Review on EPOS B20 Streaming Microphone
- Plug and Play: With a USB 2.0 data port, the TC-777 is plug and play, no any additional driver is required. Ideal for conference, distance learning, streaming, chatting, podcasting, recording, Zoom, Skype, YouTube video, etc.
|Price history for USB Microphone, TONOR Computer Condenser PC Gaming Mic with Tripod Stand & Pop Filter for Streaming, Podcasting, Vocal Recording, Compatible with Laptop Desktop Windows Computer, TC-777|
This review is about Review on EPOS B20 Streaming Microphone. So read this review Review on EPOS B20 Streaming Microphone with full details and specs.
The Review on EPOS B20 Streaming Microphone
Content creators are always looking for ways to simplify their workflow while maximizing their overall quality. For some, this may mean the desire for more plug-and-play hardware with software support. As far as audio is concerned, this has led many to abandon the XLR mic and its bulky mixers in favor of a simple, single-cord USB mic. Many have been released, but only a handful have found real success in the streaming market due to overall lower quality and lack of control. Enter EPOS, with their B20 Streaming Microphone. Their claims of a broadcast-quality, plug-and-play mic with the versatility to fit into any use case for the modern streamer caught my eye and made this device worth checking out.
The unboxing experience was interesting. Although at first glance it looked like a thick, heavy studio kit, like the Rode Podmic for example – which you could use as a weapon if an interviewee didn’t like your questions – the feel of the mic was much lighter, making it feel more vulnerable than I expected. This is the result of an aluminum case that, while a lot lighter, was still a sturdy device when I took it all the way out of the box. The windshield is sturdy and has a long arm that runs parallel to the microphone for mounting on its stand or a boom arm. The stand itself, hidden under another piece of foam in the box, is little more than a circle with a small notch on one side for the wires, which connect to the bottom of the microphone, to slide through while the stand can remain flat. sit the surface. Overall, EPOS has lived up to its promise to deliver a microphone that looks good in your stream.
Just a side note for content creators, as nice as some microphones sit on their stands on your desk, invest in a boom arm that clings to your desk. They don’t have to be expensive and you have the advantage of bringing the mic closer to your mouth and saving desk space, while also saving you the risk of hitting the mic during an intense game.
The microphone itself features a headphone jack for no-latency monitoring: monitoring this through your computer gives you enough latency that it feels like you’re using that old speech-jammer app. This applies to virtually all USB microphones, as well as four controls directly on the microphone. The side that should be facing you has the mute button and volume knob for your headphones. This side also has the microphone on LED indicator, which turns red when muted. The other side contains the gain and the polar pattern (or fetch pattern, if you prefer), of which you have four choices:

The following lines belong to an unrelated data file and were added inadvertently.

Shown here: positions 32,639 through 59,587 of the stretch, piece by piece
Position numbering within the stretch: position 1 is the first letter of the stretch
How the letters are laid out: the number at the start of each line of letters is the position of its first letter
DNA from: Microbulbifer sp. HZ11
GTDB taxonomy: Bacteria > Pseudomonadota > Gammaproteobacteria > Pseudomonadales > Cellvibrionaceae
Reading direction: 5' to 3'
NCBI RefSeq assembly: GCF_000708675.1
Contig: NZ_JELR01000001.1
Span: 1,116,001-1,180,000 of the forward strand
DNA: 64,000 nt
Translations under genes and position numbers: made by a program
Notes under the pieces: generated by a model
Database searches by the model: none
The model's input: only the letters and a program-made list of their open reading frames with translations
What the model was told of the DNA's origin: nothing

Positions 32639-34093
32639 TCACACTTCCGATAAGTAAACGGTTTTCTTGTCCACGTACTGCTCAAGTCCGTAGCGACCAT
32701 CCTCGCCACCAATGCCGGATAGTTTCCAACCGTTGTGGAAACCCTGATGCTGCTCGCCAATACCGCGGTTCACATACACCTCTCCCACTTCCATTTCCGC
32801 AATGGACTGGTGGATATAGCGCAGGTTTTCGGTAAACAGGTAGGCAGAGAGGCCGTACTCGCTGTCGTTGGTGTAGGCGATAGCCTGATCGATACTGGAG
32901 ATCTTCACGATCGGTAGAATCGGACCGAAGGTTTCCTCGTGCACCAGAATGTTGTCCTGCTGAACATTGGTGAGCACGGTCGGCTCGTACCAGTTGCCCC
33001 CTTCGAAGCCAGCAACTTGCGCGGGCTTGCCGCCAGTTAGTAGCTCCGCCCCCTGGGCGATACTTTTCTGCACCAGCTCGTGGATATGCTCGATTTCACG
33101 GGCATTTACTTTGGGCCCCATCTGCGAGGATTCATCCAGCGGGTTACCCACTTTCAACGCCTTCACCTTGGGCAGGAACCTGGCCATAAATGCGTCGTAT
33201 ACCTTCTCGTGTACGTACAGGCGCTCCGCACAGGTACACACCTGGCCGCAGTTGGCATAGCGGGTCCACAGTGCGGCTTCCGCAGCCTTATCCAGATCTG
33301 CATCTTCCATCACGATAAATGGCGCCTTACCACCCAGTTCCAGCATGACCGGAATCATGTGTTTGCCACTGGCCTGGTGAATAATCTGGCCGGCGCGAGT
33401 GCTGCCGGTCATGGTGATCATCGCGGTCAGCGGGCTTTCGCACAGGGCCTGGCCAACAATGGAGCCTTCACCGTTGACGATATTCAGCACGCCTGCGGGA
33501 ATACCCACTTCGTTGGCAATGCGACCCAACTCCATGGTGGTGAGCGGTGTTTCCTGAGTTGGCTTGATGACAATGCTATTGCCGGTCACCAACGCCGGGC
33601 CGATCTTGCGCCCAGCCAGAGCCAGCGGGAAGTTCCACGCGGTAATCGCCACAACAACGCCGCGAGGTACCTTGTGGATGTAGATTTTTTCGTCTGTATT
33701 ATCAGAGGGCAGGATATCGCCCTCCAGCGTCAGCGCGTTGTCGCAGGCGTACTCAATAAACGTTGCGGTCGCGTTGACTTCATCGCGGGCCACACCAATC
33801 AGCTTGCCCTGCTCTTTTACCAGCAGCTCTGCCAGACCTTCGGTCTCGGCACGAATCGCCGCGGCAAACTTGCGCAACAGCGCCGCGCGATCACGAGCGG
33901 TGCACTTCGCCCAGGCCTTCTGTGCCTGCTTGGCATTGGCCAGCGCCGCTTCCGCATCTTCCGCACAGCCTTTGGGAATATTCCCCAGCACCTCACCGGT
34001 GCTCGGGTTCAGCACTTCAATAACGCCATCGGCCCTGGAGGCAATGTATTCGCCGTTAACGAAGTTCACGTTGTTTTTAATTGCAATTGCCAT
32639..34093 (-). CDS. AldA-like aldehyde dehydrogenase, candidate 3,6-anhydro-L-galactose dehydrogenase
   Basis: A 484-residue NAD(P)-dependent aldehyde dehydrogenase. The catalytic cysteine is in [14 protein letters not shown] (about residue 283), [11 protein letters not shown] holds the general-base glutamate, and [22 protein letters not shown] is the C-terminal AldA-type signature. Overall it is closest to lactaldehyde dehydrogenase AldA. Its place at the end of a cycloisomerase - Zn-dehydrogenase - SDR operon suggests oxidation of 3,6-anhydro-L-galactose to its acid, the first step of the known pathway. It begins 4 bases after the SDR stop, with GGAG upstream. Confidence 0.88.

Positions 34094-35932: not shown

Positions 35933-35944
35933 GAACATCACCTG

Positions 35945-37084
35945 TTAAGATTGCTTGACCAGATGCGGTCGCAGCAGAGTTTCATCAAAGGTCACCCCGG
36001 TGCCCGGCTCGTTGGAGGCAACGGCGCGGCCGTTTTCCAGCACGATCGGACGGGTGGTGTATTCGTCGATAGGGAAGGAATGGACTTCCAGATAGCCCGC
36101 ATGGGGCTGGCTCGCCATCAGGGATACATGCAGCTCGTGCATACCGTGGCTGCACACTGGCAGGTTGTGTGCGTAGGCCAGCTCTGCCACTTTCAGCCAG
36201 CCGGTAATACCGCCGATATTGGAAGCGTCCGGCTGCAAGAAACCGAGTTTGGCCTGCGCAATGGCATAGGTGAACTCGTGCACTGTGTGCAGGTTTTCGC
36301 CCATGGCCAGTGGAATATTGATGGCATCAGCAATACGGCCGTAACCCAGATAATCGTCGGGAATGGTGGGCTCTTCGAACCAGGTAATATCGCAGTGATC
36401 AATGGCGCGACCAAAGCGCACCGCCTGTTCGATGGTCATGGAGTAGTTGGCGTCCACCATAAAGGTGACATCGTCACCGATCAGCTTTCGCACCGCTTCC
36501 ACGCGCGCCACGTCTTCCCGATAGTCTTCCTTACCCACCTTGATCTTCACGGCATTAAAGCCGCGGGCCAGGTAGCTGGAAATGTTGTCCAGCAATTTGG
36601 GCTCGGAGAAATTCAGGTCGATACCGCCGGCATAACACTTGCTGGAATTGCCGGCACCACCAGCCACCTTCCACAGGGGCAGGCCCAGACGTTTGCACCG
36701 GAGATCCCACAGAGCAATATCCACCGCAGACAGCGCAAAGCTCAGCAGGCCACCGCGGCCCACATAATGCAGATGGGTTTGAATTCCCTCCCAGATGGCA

Cardioid – Choices up sound directly in front of the microphone, a little to the side and very little behind. (Picture a heart shape, hence the name cardioid)
Stereo – Gives you a wider sound field, with the choice up to the sides and less directly to the front.
Bidirectional – Choices up sound on the front and back of the microphone. Ideal for an interview at a desk
Omnidirectional – Choices up sound from every direction. Good in a room with speakers.
However, the plug-and-play aspect of this microphone is what I have a problem with. The installation process, which was little more than downloading the software and plugging in the microphone, was so frustrating that it caused major delays in my testing. At first everything seemed fine. The microphone was plugged in and lit up, but the software did not recognize it. While I was troubleshooting, the microphone suddenly disconnected from the computer and just as suddenly reconnected. This happened a few more times before unplugging and plugging the device back in. Although the cord felt firmly plugged in the first time, I no longer had this problem. Unfortunately, that delay cost me the time I had that evening to test, so I had to put things aside until the next day. Epos B20 streaming microphone
On day two I went to open the EPOS Gaming Suite app to start testing and, wouldn’t you know, it wouldn’t open. While there are few things more annoying than a computer ignoring your commands, the hallmark of a good content creator is persistence in the face of frustration. A little research into the issue revealed that there have been such issues with the Gaming Suite app dating back to a time when it only supported their gaming headsets. It turned out that the app was still running in the process section of Task Manager and when I cleared it, the app opened up. When it opened up, but it couldn’t find my microphone. I did this dance with the app for an hour and twenty minutes with reboots, application repair, and reinstall until it just worked. I participate! to the point
The microphone is set up as recommended by EPOS, 15-20cm away with 50% gain to judge as fair as possible. The polar pattern was set to cardioid and I double checked to make sure the right side was facing me. The first thing I noticed was the amount of noise the mic was picking plukken up. No, I wasn’t in a perfect recording studio, and I shouldn’t have been. This microphone is intended for a streamer and will not work from sound studios. Most have computers whose graphics card screams loudly to run Valorant in 1440p on Ultra and walls decorated with knick knacks—which I, as a man who never lived alone, was quite jealous of—instead of foam panels. I played with the polar patterns to make sure I wasn’t in between patterns or just on the wrong one. It was not. Epos B20 streaming microphone